Conflict & Justice

Accused Federal Reserve bomb plotter pleads guilty


The father of Bangladeshi national Quazi Mohammad Rezwanul Ahsan Nafis arrested in New York for attempting to detonate a bomb, holds a portrait of his son in Dhaka on October 18, 2012.

A Bangladeshi man pleaded guilty Thursday to plotting to blow up New York's Federal Reserve Bank.

Quazi Mohammad Rezwanul Ahsan Nafis, 21, entered his plea before U.S. District Judge Carol Bagley Amon in Brooklyn, New York, to attempting to use a weapon of mass destruction, Bloomberg reported.

“I am the person who chose to bomb the Federal Reserve Bank,” Nafis said in court, making clear that it was his intention, not federal agents’, to carry out the plot.

“I no longer support violent jihad.”

He faces a minimum of 30 years to life in prison under his plea agreement, the judge said.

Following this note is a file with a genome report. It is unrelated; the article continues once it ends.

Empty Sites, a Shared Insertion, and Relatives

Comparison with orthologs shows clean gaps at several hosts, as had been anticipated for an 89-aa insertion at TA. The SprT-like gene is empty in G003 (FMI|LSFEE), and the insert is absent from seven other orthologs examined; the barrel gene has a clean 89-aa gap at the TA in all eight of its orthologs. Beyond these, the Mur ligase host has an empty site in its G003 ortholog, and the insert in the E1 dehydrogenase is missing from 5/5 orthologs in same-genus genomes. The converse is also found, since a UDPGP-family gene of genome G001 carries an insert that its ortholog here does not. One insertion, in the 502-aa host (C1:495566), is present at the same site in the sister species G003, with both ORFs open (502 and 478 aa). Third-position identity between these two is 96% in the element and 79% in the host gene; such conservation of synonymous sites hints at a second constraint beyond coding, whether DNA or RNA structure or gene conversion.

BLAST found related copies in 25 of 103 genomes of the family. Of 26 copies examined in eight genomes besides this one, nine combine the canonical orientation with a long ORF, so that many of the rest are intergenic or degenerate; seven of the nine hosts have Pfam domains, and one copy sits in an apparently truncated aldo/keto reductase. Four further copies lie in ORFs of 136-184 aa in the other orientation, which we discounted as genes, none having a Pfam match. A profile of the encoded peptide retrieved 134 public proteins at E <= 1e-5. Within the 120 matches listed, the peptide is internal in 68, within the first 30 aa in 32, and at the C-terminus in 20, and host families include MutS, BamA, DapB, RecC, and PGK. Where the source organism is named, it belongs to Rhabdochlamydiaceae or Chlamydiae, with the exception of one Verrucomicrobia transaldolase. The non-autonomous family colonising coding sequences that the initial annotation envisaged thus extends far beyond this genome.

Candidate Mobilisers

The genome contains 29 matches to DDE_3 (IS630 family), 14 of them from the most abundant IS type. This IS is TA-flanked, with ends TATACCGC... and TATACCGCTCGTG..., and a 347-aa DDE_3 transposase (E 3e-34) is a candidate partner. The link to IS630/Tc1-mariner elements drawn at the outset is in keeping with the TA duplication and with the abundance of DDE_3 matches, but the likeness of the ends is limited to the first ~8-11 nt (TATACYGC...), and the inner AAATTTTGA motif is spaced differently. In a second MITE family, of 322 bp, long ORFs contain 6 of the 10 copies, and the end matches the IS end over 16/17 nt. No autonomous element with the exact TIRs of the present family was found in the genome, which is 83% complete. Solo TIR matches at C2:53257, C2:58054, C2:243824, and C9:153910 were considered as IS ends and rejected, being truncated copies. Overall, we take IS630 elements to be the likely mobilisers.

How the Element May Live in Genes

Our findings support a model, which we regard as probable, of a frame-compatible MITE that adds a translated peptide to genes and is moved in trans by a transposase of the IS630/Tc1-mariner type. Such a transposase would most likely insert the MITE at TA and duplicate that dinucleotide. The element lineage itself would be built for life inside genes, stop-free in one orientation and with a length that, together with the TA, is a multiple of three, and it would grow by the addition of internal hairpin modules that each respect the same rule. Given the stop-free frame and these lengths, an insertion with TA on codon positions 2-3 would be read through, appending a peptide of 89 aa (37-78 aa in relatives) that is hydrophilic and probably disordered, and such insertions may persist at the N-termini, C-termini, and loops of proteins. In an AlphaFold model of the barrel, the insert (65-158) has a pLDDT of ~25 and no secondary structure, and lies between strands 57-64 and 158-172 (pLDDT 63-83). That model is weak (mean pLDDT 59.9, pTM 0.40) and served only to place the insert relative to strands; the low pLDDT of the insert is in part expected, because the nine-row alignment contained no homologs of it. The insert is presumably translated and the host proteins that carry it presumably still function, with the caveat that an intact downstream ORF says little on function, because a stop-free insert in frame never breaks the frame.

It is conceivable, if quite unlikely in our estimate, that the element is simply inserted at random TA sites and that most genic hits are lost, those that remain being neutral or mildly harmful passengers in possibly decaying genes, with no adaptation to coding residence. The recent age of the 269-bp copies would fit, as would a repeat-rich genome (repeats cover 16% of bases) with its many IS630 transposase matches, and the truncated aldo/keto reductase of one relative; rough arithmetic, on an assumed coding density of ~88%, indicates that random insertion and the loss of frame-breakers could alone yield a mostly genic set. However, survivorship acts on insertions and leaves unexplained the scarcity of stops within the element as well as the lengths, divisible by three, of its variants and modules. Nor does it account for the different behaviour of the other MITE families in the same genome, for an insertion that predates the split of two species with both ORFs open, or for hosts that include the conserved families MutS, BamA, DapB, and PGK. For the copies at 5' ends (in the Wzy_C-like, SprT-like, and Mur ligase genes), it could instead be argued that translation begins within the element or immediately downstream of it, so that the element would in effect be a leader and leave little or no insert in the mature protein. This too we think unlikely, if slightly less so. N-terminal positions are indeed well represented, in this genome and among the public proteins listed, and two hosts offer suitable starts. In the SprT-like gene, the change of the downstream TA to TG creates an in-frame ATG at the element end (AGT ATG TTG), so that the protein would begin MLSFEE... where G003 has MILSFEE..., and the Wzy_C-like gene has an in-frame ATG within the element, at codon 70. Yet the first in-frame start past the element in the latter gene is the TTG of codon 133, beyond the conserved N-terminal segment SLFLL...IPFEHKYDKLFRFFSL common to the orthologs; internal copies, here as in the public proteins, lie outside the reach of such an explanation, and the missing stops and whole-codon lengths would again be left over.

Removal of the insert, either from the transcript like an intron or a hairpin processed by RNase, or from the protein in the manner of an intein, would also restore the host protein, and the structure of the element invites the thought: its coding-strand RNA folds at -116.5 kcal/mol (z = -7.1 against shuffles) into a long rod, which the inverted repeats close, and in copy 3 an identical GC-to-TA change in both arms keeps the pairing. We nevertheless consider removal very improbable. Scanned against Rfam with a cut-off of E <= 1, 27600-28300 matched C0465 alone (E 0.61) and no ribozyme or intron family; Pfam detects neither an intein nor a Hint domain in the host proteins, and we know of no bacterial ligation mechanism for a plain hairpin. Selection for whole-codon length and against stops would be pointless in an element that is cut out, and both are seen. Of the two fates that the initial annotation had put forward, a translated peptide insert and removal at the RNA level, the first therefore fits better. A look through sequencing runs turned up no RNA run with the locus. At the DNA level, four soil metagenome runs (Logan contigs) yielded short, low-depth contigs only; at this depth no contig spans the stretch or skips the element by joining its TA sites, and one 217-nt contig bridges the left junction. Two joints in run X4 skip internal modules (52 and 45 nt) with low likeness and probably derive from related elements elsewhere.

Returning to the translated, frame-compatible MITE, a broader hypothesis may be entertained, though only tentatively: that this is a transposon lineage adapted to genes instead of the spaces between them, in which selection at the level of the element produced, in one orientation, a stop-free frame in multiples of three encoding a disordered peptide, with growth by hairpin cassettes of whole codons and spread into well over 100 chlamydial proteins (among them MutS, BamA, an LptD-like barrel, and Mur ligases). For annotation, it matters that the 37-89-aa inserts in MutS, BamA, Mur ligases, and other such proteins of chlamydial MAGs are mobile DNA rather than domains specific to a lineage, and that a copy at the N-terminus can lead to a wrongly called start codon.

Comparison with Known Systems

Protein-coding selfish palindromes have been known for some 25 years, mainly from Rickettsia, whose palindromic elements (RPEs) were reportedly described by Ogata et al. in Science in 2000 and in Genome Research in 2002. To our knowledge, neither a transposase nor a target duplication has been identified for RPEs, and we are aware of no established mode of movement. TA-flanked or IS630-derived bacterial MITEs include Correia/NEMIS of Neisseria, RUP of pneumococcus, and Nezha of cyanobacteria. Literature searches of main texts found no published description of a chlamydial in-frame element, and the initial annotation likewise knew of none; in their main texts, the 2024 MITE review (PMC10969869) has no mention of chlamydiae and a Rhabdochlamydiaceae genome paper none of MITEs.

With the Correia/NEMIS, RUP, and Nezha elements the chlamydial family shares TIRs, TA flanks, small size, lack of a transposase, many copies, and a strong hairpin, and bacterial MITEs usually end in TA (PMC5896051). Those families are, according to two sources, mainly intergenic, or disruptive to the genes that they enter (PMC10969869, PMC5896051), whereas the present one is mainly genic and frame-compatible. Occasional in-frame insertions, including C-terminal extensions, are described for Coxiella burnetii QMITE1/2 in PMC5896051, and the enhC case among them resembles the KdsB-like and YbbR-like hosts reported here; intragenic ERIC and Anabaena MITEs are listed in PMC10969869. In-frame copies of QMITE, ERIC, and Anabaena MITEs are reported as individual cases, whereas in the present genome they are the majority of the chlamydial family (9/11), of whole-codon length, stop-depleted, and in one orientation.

Nafis was arrested in October last year after parking a van packed with what he thought was a 1,000 pound bomb outside the bank, the New York Daily News reported.

He was charged with one count of attempting to use a weapon of mass destruction and one count of attempting to provide material support to a US-designated foreign terrorist organization, al Qaeda.

CNN reported Nafis entered the United States on a student visa under the pretext of attending college at Southeast Missouri State University.

But he soon began his alleged plot to carry out an attack on the US. He became the subject of a joint FBI and NYPD sting operation who helped him plot the attack and provided Nafis with the fake bomb. 

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Police allege Nafis further divulged a "Plan B" to the FBI agent that involved carrying out a suicide attack should police thwart his efforts.

Following his arrest his father, Quazi Mohammad Ahsanullah, a banker in Dhaka, dismissed the allegations, and told media that he does not believe his son was capable of carrying out such an attack. He said his son is a timid person who's often scared to travel alone.